The Food Standards Agency has released a handy food hygene myths test, click here for the PDF. The FSA material will help you dispel some of the common myths surrounding food hygiene and teach us all a few things we might not yet know about safe food preparation. 

BBC Health reports that there are up to 9 million cases of gastroenteritis each year in the UK, that’s around 14 percent of the country’s population.  Many of us may feel that we are food conscious, but there’s always going to more that we can all do, especially this week, if you find any of  these basic food hygiene facts interesting, remember to spread the word and not the germs…

Food hygiene did you know?

1. Although the kitchen sink contains 100,000 times more germs than a bathroom or lavatory, most people still think of the toilet as the most contaminated part of the house. (Source NHS Choices website.)

2. Bacteria can grow and divide every 20 minutes. One single bacterium can multiply into more than eight million cells in less than 24 hours. (Source NHS Choices website.)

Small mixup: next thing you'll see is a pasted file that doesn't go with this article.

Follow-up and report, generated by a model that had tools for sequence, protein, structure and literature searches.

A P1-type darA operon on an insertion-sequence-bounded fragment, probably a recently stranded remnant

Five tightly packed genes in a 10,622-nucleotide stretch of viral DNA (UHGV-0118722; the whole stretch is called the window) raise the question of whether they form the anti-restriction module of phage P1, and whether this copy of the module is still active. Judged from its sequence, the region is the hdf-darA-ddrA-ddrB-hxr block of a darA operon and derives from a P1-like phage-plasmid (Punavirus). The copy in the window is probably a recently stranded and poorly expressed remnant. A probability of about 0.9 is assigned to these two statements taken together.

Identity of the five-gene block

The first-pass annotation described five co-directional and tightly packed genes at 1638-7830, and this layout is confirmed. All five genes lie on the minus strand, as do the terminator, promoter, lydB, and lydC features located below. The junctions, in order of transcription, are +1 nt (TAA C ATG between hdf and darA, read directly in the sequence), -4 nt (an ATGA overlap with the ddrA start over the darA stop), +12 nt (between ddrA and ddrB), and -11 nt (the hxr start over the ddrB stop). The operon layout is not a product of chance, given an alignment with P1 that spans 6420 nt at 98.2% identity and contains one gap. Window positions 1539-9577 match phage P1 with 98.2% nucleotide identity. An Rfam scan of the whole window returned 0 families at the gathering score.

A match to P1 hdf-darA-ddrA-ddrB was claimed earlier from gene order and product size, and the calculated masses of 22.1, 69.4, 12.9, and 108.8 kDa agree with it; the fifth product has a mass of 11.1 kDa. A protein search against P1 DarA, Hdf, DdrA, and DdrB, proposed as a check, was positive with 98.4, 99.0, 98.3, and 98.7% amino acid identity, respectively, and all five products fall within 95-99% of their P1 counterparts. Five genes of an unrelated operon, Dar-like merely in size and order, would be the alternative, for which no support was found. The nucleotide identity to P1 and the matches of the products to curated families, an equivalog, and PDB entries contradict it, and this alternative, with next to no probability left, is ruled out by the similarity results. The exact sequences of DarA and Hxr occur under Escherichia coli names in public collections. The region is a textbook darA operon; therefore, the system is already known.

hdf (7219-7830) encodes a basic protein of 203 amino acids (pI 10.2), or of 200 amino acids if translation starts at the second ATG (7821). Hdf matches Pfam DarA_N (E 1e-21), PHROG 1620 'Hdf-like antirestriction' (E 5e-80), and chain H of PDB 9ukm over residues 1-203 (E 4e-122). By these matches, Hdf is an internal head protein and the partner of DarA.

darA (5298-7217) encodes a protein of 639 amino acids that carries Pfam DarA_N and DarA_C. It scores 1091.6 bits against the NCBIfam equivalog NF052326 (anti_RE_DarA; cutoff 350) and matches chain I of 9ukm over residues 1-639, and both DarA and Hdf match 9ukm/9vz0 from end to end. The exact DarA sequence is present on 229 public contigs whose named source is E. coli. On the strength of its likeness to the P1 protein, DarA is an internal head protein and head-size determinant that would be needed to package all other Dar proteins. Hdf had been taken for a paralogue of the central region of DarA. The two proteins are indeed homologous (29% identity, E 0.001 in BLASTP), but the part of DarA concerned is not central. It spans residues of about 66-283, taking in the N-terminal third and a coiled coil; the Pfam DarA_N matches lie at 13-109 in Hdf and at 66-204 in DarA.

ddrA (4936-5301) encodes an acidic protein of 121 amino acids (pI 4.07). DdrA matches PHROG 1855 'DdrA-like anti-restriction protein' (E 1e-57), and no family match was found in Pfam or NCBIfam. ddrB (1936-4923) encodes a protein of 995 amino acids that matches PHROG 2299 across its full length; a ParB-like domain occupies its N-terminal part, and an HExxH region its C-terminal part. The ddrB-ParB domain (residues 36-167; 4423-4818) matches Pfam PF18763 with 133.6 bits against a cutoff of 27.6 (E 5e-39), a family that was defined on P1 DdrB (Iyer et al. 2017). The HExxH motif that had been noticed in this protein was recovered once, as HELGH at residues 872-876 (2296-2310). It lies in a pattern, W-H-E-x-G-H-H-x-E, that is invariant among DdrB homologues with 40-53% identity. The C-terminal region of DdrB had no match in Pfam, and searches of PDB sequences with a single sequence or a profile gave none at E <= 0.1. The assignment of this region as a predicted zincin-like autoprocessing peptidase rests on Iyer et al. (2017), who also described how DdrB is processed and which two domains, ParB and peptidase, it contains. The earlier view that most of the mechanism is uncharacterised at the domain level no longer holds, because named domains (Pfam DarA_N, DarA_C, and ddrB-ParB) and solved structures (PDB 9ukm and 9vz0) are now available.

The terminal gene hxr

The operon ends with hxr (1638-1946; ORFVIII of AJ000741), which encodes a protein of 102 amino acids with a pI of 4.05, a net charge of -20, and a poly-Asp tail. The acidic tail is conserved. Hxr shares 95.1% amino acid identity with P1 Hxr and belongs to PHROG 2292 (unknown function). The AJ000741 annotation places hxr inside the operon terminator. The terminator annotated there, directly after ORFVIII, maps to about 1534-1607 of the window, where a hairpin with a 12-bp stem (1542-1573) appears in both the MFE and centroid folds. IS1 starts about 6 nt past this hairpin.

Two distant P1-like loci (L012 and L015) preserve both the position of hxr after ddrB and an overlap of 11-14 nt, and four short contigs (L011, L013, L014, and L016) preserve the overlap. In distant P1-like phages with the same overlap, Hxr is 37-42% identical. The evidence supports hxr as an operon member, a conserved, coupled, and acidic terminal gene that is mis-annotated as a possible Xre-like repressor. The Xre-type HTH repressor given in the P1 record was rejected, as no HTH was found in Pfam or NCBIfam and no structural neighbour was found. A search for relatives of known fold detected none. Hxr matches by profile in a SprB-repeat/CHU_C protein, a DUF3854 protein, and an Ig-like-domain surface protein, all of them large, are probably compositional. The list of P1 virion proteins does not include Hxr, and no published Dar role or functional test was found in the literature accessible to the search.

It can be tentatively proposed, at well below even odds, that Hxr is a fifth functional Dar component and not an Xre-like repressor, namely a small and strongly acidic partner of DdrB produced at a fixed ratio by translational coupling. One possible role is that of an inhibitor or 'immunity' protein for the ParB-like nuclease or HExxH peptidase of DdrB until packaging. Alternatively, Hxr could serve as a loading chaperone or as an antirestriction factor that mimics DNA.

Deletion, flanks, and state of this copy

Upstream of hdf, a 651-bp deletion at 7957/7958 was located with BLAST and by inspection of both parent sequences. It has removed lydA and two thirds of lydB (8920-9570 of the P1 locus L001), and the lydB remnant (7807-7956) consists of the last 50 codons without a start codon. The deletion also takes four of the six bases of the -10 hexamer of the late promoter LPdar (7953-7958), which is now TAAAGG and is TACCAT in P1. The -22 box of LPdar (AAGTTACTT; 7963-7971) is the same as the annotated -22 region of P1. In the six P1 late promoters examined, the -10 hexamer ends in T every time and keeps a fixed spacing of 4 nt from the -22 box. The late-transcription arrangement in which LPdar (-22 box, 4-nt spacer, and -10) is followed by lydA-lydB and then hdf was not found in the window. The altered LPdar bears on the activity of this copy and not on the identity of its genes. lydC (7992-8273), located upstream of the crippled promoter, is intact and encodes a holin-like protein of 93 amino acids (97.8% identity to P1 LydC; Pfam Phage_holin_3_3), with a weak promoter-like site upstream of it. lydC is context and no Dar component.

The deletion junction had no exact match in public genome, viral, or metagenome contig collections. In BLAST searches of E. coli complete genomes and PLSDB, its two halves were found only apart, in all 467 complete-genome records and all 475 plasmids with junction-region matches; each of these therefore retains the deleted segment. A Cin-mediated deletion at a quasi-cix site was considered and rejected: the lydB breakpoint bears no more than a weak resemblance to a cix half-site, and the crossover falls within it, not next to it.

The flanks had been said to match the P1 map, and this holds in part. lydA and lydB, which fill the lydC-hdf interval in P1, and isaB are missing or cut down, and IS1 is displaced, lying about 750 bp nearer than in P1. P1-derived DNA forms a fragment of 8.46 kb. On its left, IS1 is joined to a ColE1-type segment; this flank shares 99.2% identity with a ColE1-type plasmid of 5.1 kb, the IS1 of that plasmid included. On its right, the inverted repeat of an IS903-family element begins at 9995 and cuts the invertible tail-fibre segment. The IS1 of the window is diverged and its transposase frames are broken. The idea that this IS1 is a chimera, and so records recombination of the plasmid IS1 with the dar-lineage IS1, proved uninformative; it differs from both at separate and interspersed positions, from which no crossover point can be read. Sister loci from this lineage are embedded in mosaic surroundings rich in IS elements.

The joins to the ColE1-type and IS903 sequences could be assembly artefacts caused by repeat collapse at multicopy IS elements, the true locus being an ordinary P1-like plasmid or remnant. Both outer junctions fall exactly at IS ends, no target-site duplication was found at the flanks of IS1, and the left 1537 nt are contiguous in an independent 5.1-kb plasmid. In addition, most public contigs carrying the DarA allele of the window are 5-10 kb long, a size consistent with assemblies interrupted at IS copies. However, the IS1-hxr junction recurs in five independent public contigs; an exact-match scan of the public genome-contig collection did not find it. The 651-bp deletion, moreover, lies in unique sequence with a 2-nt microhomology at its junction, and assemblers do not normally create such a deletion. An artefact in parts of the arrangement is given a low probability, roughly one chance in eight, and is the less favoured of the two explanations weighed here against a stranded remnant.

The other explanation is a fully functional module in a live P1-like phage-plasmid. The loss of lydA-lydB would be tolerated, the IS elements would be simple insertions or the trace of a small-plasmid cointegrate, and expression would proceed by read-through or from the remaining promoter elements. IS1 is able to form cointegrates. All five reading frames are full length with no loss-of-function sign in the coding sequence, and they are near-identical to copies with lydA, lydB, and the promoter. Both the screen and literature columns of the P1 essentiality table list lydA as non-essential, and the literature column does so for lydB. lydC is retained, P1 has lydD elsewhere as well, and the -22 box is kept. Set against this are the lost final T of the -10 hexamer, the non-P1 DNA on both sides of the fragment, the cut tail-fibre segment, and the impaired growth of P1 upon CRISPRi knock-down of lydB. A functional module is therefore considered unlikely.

3. There are more germs on a computer keyboard than there are on your toilet. (Hygieneic Solutions UK website.)

4. Despite the pressure you may feel to rid your life of bacteria right now, a number of common bacteria (microflora) are essential in our diet and even help prevent harmful bacteria from spreading, bacteria form the foundation of life itself and first step in most food chains, they aren’t about to go away any time soon… (Source Buzzle website.)

5. The 5 second rule, is a myth, dropping food onto your floor and retrieving it within 5 seconds, harmful bacteria will make the leap to your food item in less than 5 seconds.  (Source Suffolk Coastal website.)

If you’ve got some good hygiene tips to use around the home and would like to share them with other BITE users, you can leave your thoughts in our comments section below or join in the conversation on our Facebook page.